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ICMR says indiscriminate use of plasma therapy for COVID-19 not advisable

ICMR says indiscriminate use of plasma therapy for COVID-19 not advisable

Convalescent Plasma Therapy (CPT) or passive immunotherapy has been tried in the past for treatment of viral infections like H1N1, Ebola and SARS-CoV-1 etc

It stated that CPT could be used with specific criteria, including that a potential donor, be it men, or women who had never been pregnant, could give plasma after 14 days of symptom resolution (testing negative is not necessary) It stated that CPT could be used with specific criteria, including that a potential donor, be it men, or women who had never been pregnant, could give plasma after 14 days of symptom resolution (testing negative is not necessary)

The Indian Council of Medical Research (ICMR) has warned against indiscriminate use of convalescent plasma therapy (CPT) for treating COVID-19 patients.

ICMR said in a press release on November 17 that it conducted an open-label phase II multicentre randomised controlled trial (PLACID trial) across 39 public and private hospitals on the use of CPT in management of cases with moderate infection. The report concluded that the therapy "did not lead to a reduction in progression to severe COVID or all-cause mortality in the group that received CPT as compared to the group that did not receive CPT.''

The top medical body said the benefits of CPT in improving the clinical outcomes, reducing severity of disease, duration of hospitalisation and mortality in patients were dependent on the concentration of specific antibodies in convalescent plasma that could neutralise the effects of SARS-CoV-2.

It stated that CPT could be used with specific criteria, including that a potential donor, be it men, or women who had never been pregnant, could give plasma after 14 days of symptom resolution (testing negative is not necessary). A potential recipient should be in the early stage of COVID-19 (3-7 days from the onset of symptoms, but not later than 10 days) and should have no IgG antibody against COVID-19.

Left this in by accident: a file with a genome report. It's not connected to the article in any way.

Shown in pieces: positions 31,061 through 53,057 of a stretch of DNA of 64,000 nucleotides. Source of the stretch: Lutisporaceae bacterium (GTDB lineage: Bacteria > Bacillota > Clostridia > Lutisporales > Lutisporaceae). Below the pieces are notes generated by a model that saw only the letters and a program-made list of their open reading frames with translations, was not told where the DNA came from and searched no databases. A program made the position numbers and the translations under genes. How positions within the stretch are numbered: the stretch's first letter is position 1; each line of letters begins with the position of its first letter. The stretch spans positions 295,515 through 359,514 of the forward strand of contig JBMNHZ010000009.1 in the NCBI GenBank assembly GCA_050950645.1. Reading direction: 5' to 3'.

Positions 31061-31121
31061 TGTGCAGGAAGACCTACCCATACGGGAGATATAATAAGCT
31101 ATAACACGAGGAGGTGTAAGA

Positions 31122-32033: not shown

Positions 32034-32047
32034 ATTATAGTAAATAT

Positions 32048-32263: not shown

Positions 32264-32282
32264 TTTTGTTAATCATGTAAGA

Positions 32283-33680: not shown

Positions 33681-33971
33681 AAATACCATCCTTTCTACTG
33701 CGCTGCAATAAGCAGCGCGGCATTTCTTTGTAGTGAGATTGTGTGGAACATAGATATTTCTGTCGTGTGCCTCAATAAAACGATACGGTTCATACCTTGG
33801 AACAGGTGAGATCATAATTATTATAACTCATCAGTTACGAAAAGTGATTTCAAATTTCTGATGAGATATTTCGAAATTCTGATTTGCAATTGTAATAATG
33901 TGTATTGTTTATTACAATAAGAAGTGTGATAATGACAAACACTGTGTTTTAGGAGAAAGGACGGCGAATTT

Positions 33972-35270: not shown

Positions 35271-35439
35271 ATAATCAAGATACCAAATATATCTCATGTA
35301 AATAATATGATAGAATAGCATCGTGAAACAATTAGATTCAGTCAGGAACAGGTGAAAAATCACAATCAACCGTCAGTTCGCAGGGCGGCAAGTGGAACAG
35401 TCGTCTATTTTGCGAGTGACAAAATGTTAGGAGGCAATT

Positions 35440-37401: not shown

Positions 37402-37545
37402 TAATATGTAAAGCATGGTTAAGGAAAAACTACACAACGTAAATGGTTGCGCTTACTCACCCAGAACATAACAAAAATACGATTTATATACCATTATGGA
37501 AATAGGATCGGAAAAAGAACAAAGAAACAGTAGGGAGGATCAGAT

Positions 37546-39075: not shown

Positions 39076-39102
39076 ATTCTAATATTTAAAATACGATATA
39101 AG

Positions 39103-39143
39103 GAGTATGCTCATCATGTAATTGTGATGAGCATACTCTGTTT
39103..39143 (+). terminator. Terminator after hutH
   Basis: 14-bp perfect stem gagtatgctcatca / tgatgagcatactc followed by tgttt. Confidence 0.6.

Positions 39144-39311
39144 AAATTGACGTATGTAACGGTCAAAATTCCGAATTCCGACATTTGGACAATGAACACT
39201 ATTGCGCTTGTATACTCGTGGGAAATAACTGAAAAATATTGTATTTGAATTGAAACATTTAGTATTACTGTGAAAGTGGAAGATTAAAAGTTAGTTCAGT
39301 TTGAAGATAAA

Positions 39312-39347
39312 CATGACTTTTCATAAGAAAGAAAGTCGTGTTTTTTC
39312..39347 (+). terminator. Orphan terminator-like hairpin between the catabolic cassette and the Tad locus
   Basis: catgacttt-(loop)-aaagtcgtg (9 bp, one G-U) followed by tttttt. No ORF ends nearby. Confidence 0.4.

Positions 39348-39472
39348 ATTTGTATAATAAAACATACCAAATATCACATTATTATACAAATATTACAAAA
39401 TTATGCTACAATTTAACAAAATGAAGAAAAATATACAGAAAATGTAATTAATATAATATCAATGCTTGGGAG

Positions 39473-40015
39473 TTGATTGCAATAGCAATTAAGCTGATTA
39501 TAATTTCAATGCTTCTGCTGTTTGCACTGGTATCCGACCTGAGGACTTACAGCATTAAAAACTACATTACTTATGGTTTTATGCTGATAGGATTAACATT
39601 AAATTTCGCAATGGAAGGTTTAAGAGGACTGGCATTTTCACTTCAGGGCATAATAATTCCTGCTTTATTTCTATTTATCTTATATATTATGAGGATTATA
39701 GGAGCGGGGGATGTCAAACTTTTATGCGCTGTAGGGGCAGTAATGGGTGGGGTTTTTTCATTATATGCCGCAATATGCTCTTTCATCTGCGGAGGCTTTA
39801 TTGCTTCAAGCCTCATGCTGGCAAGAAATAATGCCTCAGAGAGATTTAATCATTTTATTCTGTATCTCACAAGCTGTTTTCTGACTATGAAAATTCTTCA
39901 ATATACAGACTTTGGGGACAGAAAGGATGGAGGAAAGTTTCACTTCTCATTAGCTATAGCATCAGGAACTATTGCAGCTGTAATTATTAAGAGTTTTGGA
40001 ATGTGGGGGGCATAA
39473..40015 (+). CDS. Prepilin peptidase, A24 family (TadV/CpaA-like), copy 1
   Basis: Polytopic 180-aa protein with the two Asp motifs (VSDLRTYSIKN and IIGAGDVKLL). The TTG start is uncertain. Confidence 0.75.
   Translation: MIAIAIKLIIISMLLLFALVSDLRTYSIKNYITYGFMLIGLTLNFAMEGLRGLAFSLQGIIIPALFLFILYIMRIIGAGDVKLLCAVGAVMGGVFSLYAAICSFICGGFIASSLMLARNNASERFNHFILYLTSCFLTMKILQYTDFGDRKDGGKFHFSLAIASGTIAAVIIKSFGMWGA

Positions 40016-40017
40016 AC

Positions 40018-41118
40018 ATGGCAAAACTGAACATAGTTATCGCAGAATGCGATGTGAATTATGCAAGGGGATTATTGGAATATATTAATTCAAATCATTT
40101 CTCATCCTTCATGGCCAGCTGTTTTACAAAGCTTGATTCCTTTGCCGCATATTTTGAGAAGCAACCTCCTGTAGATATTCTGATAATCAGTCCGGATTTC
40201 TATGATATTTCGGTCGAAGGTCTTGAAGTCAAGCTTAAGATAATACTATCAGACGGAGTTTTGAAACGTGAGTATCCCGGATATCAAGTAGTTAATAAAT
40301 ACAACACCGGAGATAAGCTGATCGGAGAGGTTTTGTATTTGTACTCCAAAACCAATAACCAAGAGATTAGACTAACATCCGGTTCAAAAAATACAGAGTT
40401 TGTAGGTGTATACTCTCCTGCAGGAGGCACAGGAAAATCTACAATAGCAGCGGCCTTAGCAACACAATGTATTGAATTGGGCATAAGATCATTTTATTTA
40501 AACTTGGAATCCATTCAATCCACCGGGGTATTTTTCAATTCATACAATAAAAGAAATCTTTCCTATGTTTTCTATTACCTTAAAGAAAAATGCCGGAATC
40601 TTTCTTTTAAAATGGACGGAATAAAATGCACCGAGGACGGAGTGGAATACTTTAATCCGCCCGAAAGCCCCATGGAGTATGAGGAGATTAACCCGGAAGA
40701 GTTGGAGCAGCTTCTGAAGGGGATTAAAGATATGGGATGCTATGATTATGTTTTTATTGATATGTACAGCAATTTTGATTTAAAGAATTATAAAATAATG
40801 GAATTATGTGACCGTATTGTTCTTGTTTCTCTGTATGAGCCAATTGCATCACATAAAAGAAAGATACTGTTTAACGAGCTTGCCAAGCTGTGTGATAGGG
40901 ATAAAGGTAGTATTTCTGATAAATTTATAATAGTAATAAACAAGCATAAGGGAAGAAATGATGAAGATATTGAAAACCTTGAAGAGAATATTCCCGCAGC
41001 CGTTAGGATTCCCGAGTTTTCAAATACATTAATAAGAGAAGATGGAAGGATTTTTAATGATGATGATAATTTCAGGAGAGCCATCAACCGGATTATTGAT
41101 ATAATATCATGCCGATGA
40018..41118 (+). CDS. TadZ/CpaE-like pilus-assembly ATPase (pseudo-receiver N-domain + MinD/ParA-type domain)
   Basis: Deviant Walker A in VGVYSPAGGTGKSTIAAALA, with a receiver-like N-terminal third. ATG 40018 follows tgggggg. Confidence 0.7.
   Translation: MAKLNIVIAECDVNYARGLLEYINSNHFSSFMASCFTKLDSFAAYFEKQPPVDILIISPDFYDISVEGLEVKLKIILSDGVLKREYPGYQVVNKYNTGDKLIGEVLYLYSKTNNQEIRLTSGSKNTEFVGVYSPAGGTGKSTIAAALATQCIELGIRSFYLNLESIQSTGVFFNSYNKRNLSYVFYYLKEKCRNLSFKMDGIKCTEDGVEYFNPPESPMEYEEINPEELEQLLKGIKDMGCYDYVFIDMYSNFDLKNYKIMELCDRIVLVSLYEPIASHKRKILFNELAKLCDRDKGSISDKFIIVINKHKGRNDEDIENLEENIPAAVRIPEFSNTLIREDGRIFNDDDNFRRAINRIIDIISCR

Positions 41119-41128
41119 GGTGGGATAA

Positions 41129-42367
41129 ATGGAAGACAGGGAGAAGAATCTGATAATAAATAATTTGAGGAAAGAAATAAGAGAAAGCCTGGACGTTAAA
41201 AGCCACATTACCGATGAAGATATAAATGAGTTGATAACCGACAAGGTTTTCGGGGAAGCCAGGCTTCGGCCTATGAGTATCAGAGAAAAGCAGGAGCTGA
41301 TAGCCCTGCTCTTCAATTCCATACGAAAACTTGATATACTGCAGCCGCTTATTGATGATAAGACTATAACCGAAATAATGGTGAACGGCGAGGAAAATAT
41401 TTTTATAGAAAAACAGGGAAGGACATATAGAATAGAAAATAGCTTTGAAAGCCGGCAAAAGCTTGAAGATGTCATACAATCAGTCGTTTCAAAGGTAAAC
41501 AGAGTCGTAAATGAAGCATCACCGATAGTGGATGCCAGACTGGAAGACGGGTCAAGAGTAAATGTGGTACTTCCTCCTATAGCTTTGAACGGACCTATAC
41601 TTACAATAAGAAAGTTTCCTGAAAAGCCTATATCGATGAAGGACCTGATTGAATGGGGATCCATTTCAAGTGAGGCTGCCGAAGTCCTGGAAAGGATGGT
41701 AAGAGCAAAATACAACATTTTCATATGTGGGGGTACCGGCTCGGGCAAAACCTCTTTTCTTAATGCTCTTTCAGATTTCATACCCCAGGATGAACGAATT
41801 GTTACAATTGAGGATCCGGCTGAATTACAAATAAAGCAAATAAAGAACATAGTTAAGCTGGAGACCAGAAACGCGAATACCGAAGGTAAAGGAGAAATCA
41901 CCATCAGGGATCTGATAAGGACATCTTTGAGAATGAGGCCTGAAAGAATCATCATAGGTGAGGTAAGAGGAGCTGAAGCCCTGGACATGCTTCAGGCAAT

The study also noted that similar studies conducted in China and Netherlands have also documented no significant benefit of CPT in improving the clinical outcomes of hospitalised COVID-19 patients.

Convalescent Plasma Therapy (CPT) or passive immunotherapy has been tried in the past for treatment of viral infections like H1N1, Ebola and SARS-CoV-1 etc. Benefits of CPT in improving the clinical outcomes, reducing severity of disease, duration of hospitalisation and mortality in COVID-19 patients are dependent on the concentration of specific antibodies in convalescent plasma that could neutralise the effects of SARS-CoV-2.

Meanwhile, according to data released by the Health Ministry, on Wednesday, India reported 44,739 recoveries in the last 24 hours against 38,617 newly detected cases. 74.98% of the new recovered cases are contributed by 10 states/UTs, with Kerala, Maharashtra and Delhi reporting maximum recoveries, noted the release.

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